Monday, April 23, 2012

Austin lives! Resuscitating a sourdough starter

I first made my sourdough starter in the midst of the Bread Baker's Apprentice Challenge, in February of 2010. It was slow-going, which I took personally, but as the warmer weather hit in June, I realized that my starter's slow nature was likely due to our cool house and frigid winter. Austin the Starter has served me well over the past two years.

Since I've been finished with my bread challenges, Austin spends most of his time in the back of my fridge. He's endured many long periods of neglect, but always does fine when I pull him out and give him a few feedings. So imagine my surprise when I pulled him from the fridge a few days ago, and, whether it was because he'd finally been ignored for too long or because the new lid I put on top was too tight, this is what I found:

Mold!!! I'm not going to lie; I almost cried. Austin has been a reliable member of my kitchen staff for so long, and it's such a process to create a sourdough starter...and the longer they're around, the better their flavor, so I really didn't want to start over. :(

And then I remembered that two summers ago, when we were heading West for our summer trip, I followed Paul's advice and dried some of my starter. I frantically started digging through my freezer. No starter. :( (I did get my freezer reorganized in the process of my search, so that was good.) I dug through the deep freeze; no starter. I came back upstairs, again on the verge of tears. And there, in the bottom of the ice bucket, I found this:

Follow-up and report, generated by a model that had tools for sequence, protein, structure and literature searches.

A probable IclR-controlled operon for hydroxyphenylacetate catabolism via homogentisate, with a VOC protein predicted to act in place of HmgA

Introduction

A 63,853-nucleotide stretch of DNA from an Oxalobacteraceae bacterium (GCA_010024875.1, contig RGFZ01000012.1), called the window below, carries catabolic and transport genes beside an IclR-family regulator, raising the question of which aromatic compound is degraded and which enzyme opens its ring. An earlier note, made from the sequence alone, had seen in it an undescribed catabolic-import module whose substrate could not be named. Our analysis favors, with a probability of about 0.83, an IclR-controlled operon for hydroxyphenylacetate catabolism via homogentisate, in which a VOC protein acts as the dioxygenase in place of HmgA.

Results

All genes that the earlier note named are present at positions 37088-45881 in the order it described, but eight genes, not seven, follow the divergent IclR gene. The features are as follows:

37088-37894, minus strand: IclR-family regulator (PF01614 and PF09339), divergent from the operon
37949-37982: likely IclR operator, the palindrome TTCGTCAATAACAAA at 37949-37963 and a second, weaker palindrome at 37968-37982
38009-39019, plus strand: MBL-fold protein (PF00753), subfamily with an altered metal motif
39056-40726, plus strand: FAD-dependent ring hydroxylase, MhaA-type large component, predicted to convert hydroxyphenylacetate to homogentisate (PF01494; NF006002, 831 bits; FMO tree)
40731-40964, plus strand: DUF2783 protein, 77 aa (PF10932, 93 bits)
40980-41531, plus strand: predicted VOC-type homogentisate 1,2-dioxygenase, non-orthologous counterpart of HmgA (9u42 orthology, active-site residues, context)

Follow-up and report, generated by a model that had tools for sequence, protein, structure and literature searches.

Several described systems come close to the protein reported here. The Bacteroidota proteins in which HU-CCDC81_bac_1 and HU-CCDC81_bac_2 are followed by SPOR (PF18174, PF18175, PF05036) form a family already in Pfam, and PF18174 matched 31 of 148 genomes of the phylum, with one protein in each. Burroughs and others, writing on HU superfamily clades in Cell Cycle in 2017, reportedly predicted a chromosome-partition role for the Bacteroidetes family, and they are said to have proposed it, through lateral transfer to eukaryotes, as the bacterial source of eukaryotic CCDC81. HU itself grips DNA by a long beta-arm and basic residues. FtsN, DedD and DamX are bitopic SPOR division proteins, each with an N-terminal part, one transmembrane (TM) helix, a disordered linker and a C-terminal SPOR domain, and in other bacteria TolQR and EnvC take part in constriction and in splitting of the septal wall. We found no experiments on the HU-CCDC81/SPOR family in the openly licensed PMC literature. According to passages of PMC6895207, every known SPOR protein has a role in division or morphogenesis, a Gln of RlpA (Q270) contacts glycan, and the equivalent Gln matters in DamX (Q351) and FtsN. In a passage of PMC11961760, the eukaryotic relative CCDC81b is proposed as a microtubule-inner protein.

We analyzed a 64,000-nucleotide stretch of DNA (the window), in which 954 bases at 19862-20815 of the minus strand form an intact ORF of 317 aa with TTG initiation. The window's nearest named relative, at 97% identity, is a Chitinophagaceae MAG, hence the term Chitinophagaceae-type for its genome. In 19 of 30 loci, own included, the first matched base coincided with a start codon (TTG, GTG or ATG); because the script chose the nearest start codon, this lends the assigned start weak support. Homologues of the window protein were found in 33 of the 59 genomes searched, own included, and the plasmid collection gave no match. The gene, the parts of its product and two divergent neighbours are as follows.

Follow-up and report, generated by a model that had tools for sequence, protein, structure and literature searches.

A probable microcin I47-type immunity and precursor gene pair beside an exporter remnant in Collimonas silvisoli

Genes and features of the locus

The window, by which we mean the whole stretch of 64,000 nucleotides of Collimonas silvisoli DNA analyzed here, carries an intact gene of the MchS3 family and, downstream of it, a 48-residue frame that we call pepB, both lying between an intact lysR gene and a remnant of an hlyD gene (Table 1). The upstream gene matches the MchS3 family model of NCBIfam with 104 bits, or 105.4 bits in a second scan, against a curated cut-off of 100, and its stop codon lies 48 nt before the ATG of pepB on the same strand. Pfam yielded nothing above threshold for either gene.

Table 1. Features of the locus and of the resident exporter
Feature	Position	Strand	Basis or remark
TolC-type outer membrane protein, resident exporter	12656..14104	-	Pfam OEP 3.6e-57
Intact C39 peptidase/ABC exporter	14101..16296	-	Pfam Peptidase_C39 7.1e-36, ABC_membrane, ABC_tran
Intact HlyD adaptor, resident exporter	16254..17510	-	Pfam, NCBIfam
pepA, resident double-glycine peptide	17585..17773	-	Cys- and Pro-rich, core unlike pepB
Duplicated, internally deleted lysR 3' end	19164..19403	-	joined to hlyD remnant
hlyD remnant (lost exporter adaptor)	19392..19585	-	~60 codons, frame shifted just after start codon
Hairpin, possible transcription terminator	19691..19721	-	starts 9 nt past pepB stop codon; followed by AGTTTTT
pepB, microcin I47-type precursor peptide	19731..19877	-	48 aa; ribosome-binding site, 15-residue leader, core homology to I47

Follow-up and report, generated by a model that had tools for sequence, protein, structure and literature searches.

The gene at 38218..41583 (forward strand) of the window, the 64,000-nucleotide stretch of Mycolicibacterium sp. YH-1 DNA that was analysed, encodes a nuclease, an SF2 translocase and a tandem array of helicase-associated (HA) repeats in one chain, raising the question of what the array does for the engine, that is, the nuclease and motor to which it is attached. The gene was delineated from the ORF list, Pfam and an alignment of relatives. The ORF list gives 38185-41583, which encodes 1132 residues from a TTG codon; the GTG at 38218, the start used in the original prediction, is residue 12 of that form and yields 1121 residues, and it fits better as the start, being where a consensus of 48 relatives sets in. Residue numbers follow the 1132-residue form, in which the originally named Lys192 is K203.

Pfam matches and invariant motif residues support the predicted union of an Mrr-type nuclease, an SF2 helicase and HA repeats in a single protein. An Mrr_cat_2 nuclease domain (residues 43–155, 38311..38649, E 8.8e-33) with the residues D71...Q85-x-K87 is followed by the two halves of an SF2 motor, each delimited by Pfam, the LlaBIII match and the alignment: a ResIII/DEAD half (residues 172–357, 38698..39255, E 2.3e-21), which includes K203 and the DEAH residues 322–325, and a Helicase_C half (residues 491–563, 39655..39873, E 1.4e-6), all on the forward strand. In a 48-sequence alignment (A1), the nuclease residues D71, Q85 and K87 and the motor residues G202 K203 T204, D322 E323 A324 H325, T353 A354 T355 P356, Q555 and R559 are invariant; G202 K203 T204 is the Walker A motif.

Yay! So I pulled up Paul's tutorial on how to revive a dried starter and got to work. I took a teaspoon of starter (saving the rest, just in case it didn't work or this happens again!) and mixed it with a couple of teaspoons of water. I let them sit for a few hours until the starter softened and I could stir it all together. Then I fed it some flour and water and crossed my fingers.

After a day, I detected a few bubbles. I think at that point, I should have just fed it again and waited a bit, but I was too excited, so I called it good and did an official feeding: 20 g of the starter with 40 g each of flour and water. And then I waited and waited and waited. I'd been thinking that I might need to start over and try again, when I came downstairs to this:

I'm not sure if I got ahead of myself and tried to move it along too fast, or if it was just that our house has been a little cool, but it took a good day for it to double. But double it clearly did! I've been feeding it regularly for two days now, and after each feeding, it takes less time to double again. And it already smells deliciously like sourdough.

My plan is to keep it on the counter and to keep feeding it regularly for another few days to make sure it's really awake, alive, and healthy. And then I'll try baking with it to make sure. But thankfully, we seem to be back in business! Austin lives!

(Thanks, Paul!)


  1. Perfect timing! I've been thinking about reviving my starter.

  2. Okay, I should really revive Ernie and dry some starter just to be safe. Putting that on my to do list for the weekend... I'm glad you were able to revive Austin!

  3. Austin is going to need to be renamed Lazarus rising from the dead like that! You are a champ with this whole starter business. Deep admiration.

  4. Nice! I never managed to resuscitate mine (I was trying to send starter to family by mail which was why I was trying) but I'll remember this if I try again!

  5. Hey Abby,

    Glad to see you were able to get Austin back from the past! I'm sure he'll be back up to speed very shortly, making wonderful bread for you and the family again.

    And thanks for spreading the word: DRY YOUR STARTER! Its so easy to do and can avoid great tragedy.